Muckraking on West River Parkway

A lot of magic can happen in nine months: A woman can create life. A child can pass through puberty (well, sort of). A Vikings team can win a Super Bowl. But to make West River Parkway safe again for traffic? Unfortunately it will take well over a year.

It wasn’t originally supposed to be so. News reports following the June 2014 rain-induced mudslide suggested that the road between Franklin Avenue and Fourth Street would likely remain closed, “for a few days until the debris can be cleared.” But the road, which carried 10,000 bicycle and car commuters a day from South Minneapolis to downtown, has remained closed, making original reports a bit humorous in retrospect.

The mudslide sent a 100-yard swatch of the hill below the University of Minnesota Medical Center onto the road, leaving it covered in six to eight feet of mud. In the weeks following, the buildings above were tested and found structurally sound. Authorities then said the road would be closed until the Fall of 2014. Then, it became Spring of 2015 and the parkway is still closed.

So, overcome with spring fever a few weeks ago, I sent my city council member, Cam Gordon, an email inquiry. No response. What did they find in them-thar mud-covered hills? Remnants of Cold War era biological experiments?

Then last week, the city put out a survey asking for citizen input into the design. Great! Except now, we learn that the work hasn’t even been bid out yet — and won’t begin until June. And, it’ll take about “three to four months,” or “until repairs are complete.”

I know. Rome wasn’t built in a day. And the ash on Pompeii wasn’t cleared in… ever? I’m just hoping the city/park board could find a way to create a narrow passage through this 100-yard stretch so that at least bikes and pedestrians could travel through this summer while work is being done on the hill above.

West River Parkway

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7 Responses to Muckraking on West River Parkway

  1. Andrew B March 31, 2015 at 10:38 am #

    Seriously they haven’t done anything yet? C’mon guys, go to Lowes, get some retaining wall block, done.

  2. acs March 31, 2015 at 11:00 am #

    Government efficiency at it’s best.

  3. Bill Lindeke
    Bill Lindeke March 31, 2015 at 11:21 am #

    I think everyone’s freaked out about this (http://blogs.citypages.com/blotter/2014/11/how_mayor_colemans_city_hall_tried_to_spin_the_deaths_of_two_children.php), which probably isn’t a coincidence given climate change, rainfall patterns, erosion.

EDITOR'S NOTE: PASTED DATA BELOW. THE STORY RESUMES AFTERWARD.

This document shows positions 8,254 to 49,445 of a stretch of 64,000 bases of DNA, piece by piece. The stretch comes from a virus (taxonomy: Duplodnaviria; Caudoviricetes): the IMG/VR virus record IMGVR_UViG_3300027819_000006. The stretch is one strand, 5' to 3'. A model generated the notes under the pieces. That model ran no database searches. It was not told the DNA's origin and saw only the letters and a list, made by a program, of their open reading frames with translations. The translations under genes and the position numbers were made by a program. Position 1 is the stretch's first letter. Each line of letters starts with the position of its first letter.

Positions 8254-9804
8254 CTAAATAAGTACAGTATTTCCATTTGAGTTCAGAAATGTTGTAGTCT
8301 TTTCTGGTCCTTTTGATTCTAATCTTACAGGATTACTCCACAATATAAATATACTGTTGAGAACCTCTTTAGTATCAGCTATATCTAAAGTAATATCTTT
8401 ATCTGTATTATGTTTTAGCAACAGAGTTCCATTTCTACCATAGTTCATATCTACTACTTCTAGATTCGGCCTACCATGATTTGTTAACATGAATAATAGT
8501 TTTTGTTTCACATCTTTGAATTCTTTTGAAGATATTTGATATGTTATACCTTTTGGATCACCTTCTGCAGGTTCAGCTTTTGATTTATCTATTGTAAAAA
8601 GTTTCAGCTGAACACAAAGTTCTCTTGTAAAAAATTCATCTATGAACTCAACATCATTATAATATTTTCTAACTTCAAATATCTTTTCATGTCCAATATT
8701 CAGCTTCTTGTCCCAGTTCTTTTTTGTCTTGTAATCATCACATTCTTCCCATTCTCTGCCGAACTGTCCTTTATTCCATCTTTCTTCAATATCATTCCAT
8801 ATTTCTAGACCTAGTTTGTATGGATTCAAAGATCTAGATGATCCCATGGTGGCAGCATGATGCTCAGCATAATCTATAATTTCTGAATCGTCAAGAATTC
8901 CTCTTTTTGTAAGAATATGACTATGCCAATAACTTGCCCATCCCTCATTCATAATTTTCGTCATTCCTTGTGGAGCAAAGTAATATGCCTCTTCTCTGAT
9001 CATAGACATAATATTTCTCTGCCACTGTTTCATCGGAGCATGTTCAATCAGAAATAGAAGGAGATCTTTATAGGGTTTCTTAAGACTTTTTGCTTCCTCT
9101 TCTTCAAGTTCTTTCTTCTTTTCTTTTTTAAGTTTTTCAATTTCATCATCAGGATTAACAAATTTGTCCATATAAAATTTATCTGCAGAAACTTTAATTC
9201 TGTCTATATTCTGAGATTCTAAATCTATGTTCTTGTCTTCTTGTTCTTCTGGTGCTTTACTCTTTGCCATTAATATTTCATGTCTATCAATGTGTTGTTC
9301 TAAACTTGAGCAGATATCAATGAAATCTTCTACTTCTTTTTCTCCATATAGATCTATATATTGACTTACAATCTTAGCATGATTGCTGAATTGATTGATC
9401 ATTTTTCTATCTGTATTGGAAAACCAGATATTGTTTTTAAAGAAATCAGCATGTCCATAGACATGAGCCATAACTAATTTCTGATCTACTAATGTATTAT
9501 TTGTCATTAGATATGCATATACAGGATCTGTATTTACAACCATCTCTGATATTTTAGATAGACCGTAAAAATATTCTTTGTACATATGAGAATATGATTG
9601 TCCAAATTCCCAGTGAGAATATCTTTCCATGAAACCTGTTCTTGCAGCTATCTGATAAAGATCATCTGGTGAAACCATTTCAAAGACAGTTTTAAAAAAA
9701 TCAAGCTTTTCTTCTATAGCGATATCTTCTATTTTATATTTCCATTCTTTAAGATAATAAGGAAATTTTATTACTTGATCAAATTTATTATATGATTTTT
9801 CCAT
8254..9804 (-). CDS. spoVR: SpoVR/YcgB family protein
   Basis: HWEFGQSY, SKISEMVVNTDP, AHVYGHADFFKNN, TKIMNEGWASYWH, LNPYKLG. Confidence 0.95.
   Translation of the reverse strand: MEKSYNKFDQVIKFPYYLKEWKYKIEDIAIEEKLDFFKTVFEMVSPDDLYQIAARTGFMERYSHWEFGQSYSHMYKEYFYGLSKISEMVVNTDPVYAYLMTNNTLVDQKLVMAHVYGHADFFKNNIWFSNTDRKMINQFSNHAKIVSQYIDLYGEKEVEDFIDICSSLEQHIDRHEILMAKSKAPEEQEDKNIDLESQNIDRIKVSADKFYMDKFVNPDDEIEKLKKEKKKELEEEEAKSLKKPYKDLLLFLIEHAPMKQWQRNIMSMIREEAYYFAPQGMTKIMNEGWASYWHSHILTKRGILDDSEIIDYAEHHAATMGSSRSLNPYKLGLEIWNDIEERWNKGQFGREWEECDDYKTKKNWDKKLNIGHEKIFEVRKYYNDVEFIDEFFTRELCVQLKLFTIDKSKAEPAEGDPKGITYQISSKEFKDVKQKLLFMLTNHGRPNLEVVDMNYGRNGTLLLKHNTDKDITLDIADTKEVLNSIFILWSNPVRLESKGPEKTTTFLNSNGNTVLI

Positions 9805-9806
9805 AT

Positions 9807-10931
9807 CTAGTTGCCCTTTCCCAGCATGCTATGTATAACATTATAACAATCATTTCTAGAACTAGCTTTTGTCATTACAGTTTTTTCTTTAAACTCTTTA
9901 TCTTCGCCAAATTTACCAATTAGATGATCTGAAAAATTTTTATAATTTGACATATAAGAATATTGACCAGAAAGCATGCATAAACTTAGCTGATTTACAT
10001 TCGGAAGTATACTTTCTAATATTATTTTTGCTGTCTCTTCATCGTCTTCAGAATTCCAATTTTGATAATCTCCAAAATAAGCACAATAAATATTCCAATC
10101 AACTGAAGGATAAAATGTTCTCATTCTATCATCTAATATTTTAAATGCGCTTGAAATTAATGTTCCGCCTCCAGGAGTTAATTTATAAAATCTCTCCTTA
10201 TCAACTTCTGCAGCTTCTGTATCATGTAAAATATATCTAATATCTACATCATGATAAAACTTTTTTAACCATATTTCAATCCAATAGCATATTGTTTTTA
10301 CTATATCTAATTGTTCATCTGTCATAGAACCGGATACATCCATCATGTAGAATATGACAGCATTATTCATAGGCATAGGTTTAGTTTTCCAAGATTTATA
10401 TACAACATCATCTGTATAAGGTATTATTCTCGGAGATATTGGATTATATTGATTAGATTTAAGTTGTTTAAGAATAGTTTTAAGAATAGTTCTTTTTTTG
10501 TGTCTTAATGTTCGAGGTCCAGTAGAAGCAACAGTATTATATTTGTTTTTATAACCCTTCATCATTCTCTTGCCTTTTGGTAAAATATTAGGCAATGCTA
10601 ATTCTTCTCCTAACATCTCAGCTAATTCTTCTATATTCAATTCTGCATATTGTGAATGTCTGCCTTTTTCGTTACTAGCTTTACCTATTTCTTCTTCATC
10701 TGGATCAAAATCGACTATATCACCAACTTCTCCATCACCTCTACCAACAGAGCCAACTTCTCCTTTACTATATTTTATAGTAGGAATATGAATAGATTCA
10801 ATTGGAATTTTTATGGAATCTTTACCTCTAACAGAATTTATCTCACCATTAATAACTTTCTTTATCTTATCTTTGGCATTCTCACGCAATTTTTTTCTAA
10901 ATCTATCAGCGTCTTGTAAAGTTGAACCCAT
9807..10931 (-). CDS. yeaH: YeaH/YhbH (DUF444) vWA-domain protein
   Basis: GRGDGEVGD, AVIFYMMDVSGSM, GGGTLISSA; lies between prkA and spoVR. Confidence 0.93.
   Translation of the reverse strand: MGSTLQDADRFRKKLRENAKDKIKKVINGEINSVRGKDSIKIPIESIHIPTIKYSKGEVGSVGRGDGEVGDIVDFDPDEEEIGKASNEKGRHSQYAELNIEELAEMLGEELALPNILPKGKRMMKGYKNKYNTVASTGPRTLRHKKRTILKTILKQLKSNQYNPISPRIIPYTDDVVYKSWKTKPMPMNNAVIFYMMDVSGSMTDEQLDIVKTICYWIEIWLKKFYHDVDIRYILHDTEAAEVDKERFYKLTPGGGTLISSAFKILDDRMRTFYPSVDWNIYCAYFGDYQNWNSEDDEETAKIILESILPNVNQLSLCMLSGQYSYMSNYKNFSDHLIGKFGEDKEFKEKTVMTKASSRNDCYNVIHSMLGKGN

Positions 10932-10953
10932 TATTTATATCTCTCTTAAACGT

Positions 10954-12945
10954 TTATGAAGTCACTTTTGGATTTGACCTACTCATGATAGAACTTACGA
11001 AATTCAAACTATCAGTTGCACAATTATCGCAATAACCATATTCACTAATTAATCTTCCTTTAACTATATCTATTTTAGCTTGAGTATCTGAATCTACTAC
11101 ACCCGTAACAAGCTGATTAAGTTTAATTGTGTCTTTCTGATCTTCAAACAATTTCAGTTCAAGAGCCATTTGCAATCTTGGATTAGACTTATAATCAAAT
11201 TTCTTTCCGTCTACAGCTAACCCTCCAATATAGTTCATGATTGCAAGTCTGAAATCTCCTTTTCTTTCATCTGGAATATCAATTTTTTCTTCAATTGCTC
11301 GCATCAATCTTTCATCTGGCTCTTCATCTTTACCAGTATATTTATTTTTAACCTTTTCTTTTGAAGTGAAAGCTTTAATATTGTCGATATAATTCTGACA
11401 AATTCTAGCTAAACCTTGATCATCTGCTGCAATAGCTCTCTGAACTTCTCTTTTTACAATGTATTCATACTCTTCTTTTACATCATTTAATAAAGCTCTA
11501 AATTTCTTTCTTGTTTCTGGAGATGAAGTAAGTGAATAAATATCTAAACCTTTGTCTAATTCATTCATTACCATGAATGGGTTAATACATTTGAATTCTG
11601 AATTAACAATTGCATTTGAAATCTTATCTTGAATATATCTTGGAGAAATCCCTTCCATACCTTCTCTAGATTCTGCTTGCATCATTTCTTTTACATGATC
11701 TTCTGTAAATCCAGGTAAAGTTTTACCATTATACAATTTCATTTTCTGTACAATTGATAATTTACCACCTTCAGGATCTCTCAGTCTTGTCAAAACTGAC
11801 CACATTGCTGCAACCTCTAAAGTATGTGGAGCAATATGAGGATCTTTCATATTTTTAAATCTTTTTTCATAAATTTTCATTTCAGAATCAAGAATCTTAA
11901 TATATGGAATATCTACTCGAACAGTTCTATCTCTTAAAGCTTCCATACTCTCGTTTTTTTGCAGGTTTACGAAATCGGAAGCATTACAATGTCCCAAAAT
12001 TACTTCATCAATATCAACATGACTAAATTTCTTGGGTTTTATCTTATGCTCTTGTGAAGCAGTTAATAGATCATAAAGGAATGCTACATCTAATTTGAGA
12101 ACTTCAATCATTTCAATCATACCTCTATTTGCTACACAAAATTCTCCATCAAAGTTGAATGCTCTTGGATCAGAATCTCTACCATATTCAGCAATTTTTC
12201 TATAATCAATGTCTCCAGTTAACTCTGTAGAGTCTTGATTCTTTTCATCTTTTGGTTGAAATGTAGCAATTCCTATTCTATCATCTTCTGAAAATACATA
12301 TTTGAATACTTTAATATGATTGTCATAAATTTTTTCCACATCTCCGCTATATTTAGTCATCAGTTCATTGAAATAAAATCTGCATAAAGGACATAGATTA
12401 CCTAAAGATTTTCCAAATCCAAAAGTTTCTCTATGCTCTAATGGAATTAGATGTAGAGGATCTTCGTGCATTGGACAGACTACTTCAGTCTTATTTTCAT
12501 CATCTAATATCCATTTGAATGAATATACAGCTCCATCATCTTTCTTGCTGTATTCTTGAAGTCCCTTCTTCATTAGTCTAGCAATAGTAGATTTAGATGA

But yes, if Minneapolis is really trying to prioritize biking and walking, they should open a stretch of this to re-connect the valuable right of way along the river.

  4. Eric Anondson
    Eric Anondson March 31, 2015 at 11:33 am #

    Is this the city or the parks board that is paying to do this? Because the parks board seem like they need a top to bottom cleansing. Paying to acquire new property and deferring repair to existing community parks. Many others come to mind.

    • brad March 31, 2015 at 12:46 pm #

      If you click on the survey, you’ll see it’s the Park Board (which might also explain why Cam didn’t respond). In addition, you can read this, which might explain some of the lack of speed:

      “West River Parkway is part of the Grand Rounds, which is eligible for the National Register of Historic Places. Because the Federal Emergency Management Administration (FEMA) is providing funding to assist with the repairs, the project is being reviewed under the provisions of Section 106 of the National Historic Preservation Act. Public participation is an important part of the Section 106 process. FEMA, the State Historic Preservation Office, and the Minneapolis Park and Recreation Board will consider your input in the following survey when evaluating options for repairing the historic structures that were damaged during the mudslide including two mortared stone walls built in the 1930s and 40s by the Works Progress Administration (WPA). A 100 foot section of the WPA stone wall located along the base of the failed slope was completely destroyed. The limestone wall built on a bedrock outcrop and located at mid-bluff just upriver from the slide was damaged. In addition, two historic concrete piers supporting the metal guardrail along the river were knocked into the water.”

      • Paul Strebe March 31, 2015 at 1:22 pm #

        Thanks, Brad. I wasn’t aware of the guardrail being knocked out. I’m just surprised they couldn’t have put something in temporarily for bikes and pedestrians. The detour is pretty miserable.

        I took a walk up in that area where the WPA walls are. It’s all pretty underused and in disrepair. My concern is we’re letting our parks become untouchable museums that (in this case) can’t be enjoyed for nearly two summers.

        And as far as Cam Gordon not returning my email — I just assumed that he’d be in the loop on something like this that’s in his ward, even though it’s formally under the Park Board’s purview.

        • Ron April 1, 2015 at 9:04 am #

          I could imagine that it takes a long time to write careful, thoughtful emails responses in a time when every citizen with a question must also be considered a news reporter.

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